Sunday, May 25, 2008

Controversial Education Standards

We've heard from places all across the country and the internet about controversies surrounding school science curriculum. Specifically, that of biology. There is a conflict going on in this country regarding evolution being taught in schools. This is not to say that there is an argument among scientists as to whether evolution occurs. Evolution is observable on a fairly consistent basis, and in more places all the time. The only question at hand is the causes and the processes by which evolution occurs. There is certainly room enough there for disagreement. However, we have seen calls for Creationism to be taught in our schools and, more recently, Intelligent Design. Intelligent Design effectively amounts to personal disbelief; an argument that the world is simply too complicated for people to believe that it arose by "random chance." Evolution is about anything but random chance, but that's not what I'm here about today.

On Friday, the Dallas Morning News ran an article about the Texas State Board of Education, and their approval of a new set of standards for the English curriculum in the state of Texas. A collection of teachers and experts have spent the last two and a half years putting together a set of standards on how English should be taught. This plan was passed over by the board in favor of a tentative approval of a curriculum proposal from the group StandardWorks, which was brought in to facilitate the approval process. That tentative approval came with a 9-6 vote in favor, but a rewrite was undertaken by the three members of the board who are apparently the social conservative bloc. They seem to have merged various aspects of both plans into some sort of hybrid document, in an attempt to bring around the remaining six board members. In theory, this is perfectly fine. But here is where the problem comes in:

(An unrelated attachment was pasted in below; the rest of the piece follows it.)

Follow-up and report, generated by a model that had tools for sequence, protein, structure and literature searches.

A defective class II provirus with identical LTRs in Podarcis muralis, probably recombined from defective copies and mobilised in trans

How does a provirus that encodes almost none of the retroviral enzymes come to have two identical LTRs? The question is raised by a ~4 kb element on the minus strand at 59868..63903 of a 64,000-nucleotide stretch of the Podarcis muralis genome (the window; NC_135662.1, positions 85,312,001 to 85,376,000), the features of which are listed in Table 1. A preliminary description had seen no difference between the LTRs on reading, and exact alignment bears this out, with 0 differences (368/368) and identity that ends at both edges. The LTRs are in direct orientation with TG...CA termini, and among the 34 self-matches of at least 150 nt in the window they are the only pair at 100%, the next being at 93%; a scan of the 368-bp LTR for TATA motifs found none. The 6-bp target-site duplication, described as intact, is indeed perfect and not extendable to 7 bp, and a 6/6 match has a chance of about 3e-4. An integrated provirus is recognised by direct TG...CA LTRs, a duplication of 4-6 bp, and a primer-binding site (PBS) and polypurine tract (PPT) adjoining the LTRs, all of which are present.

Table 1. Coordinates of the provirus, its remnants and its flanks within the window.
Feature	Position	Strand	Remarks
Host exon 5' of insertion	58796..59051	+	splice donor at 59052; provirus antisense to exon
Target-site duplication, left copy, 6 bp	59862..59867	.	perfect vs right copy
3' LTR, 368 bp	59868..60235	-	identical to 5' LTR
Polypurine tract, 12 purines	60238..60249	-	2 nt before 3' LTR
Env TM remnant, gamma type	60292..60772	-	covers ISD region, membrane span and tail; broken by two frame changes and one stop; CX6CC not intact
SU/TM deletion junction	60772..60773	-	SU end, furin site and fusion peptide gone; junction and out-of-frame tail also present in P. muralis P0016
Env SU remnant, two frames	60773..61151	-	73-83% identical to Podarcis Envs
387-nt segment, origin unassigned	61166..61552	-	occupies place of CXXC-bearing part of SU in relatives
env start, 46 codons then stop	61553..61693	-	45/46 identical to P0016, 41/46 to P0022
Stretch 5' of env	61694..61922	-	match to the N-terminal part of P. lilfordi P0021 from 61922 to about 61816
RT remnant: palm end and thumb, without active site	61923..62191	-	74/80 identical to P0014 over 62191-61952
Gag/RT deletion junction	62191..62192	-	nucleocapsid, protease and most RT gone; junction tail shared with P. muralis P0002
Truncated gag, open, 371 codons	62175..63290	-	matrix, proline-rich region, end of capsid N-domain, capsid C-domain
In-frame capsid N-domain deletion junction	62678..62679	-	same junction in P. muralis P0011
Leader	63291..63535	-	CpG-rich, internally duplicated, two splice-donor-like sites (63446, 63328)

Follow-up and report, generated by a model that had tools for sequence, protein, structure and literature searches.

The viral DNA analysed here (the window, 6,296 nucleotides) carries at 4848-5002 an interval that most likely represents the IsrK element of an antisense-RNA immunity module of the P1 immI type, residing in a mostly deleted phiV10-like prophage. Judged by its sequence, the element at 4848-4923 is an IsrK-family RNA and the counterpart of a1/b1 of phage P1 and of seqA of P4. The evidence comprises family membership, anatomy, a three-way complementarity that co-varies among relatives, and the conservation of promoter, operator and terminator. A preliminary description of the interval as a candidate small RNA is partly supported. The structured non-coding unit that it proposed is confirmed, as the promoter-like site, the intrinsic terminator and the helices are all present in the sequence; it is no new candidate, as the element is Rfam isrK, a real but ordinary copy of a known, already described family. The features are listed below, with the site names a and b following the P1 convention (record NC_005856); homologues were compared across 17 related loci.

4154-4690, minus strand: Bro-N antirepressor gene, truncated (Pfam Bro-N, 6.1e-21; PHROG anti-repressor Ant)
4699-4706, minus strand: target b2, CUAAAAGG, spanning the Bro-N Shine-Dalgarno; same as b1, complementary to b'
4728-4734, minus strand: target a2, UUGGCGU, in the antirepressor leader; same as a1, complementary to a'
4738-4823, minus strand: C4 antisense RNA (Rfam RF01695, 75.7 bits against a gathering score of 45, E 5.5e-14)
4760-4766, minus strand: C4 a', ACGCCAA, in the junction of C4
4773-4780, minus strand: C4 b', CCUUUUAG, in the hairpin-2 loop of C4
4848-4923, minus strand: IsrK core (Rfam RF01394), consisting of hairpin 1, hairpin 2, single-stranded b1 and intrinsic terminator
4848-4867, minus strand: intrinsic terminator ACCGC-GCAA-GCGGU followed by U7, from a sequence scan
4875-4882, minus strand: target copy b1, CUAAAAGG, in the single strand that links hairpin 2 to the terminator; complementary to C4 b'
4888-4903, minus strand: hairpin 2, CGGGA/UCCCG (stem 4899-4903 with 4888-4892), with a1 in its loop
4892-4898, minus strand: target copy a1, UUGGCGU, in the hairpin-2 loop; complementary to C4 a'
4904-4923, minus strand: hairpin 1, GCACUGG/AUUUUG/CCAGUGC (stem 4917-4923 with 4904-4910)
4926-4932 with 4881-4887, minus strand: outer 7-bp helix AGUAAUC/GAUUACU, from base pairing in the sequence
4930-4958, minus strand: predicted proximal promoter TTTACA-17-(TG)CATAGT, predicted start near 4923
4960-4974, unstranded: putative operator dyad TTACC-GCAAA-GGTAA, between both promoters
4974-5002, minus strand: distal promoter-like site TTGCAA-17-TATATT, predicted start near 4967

"I'm appalled by the process that we've taken part in," said board member Bob Craig, a Republican from Lubbock. There's been "no opportunity to review it, no teacher group is involved, not even the (Texas Education Agency) staff was involved or had seen it."

Apparently, this new set of standards was slipped under the hotel doors of the board members less than an hour before they met to vote on the proposal. They were given insufficient time to review it, and then when they arrived at the board meeting, Don McLeroy, chairman of the SBoE proceeded to rush them through the changes, not allowing time to find the pages that said changes were made on. When complaints were made about the speed with which this was being covered, "... you're being dilatory in dragging this out," McLeroy said. This new package was then sent for a vote; it passed, 9-6. The stated goal of the rewrite was not achieved, and at least to me, raises questions as to what the results might be from this hodge-podge of standards. It could of course be just fine. But at the same time, doing an overnight redraft, without sufficient time to review, mistakes can be made.

Up next, science curriculum standards. Chairman Don McLeroy is a stated skeptic on the issue of evolution, and he's not the only one on the board. There is a good deal of interest in pushing textbooks that present "minority views" on evolution. Specifically, that it doesn't happen. If that's the view to be found in textbooks in Texas, I worry for the future of students in Texas. Advancements these days in almost every portion of the biology field requires knowledge of evolution, because it is based on evolution. It will be important to keep an eye on that meeting, and watch for this same kind of actions. If board members are again asked to vote on something that they effectively have not been allowed to review, Texas is in trouble.


Also referenced:
KXAN News - Austin, TX
Dallas Morning News

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